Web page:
Description & Overview

Blue Wood Aster is a showy perennial that is native to and found throughout Wisconsin. In the wild, it is found along creek banks and woodland edges, but also in disturbed urban sites, roadsides, and ditches. Dark green leaves are heart-shaped with coarse teeth towards the bottom of the stem, and more ovate ascending the stem. Blue flowers appear in late summer and last through fall, each flower head about ¾” wide with a yellow center. Blue Wood Aster may also be known as Common Blue Heart-leaved Aster or Heart-leaved Aster.

Core Characteristics

Category: Perennial

Wisconsin Native: Yes

USDA Hardiness Zone: to zone 3

Mature Height: 6-48 inches

Mature Spread: 12-24 inches

Growth Rate: Fast

Growth Form: Erect, naturalizes

Light Requirements: Full Sun to Full Shade

Site Requirements: Average to dry to moist soils

Flower: Pale to rich blue with a yellow center about ¾" wide, 8-20 rays

Bloom Period: September – October

Foliage: Green, toothed, heart-shaped base, up to 5" long

Fall Color: None

Urban Approved: Yes

Fruit Notes: Dry seed with fluffy pappus

Suggested Uses

Common Blue Wood Aster thrives in sites with average to drier soils that have good drainage. It can tolerate full sun to full shade, although it prefers part shade, with flower production being greater with more sun. It is an ideal plant for pollinator, native, or cottage gardens.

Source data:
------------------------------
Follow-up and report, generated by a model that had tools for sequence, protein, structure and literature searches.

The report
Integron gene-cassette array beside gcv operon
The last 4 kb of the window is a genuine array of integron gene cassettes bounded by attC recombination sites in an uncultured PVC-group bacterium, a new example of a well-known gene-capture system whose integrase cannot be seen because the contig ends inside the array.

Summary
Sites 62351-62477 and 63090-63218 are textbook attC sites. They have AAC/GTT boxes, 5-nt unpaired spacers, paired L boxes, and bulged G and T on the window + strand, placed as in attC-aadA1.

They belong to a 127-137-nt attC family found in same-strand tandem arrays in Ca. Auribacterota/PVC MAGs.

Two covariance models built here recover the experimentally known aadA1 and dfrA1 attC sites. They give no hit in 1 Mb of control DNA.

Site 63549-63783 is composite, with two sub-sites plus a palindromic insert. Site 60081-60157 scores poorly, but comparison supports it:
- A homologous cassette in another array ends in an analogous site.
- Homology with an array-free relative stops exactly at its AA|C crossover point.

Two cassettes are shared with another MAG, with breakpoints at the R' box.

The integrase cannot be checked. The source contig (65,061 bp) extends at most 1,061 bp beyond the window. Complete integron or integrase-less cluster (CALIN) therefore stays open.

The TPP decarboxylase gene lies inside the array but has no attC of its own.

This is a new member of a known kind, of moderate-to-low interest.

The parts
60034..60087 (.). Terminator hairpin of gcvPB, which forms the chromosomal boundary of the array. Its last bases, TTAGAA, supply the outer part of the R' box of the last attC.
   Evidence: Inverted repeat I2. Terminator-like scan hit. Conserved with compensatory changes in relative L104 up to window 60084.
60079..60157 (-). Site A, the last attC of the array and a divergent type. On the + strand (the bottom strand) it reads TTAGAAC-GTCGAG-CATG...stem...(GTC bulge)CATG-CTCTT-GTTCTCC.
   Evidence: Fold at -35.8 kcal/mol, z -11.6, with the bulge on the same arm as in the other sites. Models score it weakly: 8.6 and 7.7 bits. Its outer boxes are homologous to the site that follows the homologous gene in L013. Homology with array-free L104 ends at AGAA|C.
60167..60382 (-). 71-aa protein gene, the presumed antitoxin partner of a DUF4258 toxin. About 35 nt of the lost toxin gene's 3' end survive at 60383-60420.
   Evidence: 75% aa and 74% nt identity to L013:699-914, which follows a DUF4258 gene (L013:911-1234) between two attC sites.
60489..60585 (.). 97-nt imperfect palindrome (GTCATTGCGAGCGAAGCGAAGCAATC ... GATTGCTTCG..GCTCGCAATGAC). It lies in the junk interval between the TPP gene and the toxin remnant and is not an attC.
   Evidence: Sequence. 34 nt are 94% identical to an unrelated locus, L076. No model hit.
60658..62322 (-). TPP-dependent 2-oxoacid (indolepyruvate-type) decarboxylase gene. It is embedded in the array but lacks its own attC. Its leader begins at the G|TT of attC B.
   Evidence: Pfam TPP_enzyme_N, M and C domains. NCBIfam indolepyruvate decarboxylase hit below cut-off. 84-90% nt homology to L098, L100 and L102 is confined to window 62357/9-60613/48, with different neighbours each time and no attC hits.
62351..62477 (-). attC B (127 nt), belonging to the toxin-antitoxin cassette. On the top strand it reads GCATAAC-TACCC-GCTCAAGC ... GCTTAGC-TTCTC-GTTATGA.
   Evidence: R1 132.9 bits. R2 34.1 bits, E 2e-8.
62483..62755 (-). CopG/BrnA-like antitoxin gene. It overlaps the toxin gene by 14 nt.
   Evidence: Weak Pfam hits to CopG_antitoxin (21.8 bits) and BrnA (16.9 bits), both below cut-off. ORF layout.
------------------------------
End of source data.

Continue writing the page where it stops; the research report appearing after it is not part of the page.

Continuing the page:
Choose sites under trees, shrubs, or awnings that will provide the plant with some drier soils and protection from the sun during the day.

This is a great option for planting in a woodland setting where buckthorn or garlic mustard has been removed. If allowed to naturalize, the understory will fill up with Blue Wood Asters, creating a feast for pollinators and adding visual appeal to boot! Stream banks and woodland slopes would also make a great site for this plant.

Blue Wood Aster is a showy perennial that is native to and found throughout Wisconsin. In the wild, it is found along creek banks and woodland edges, …

Wildlife Value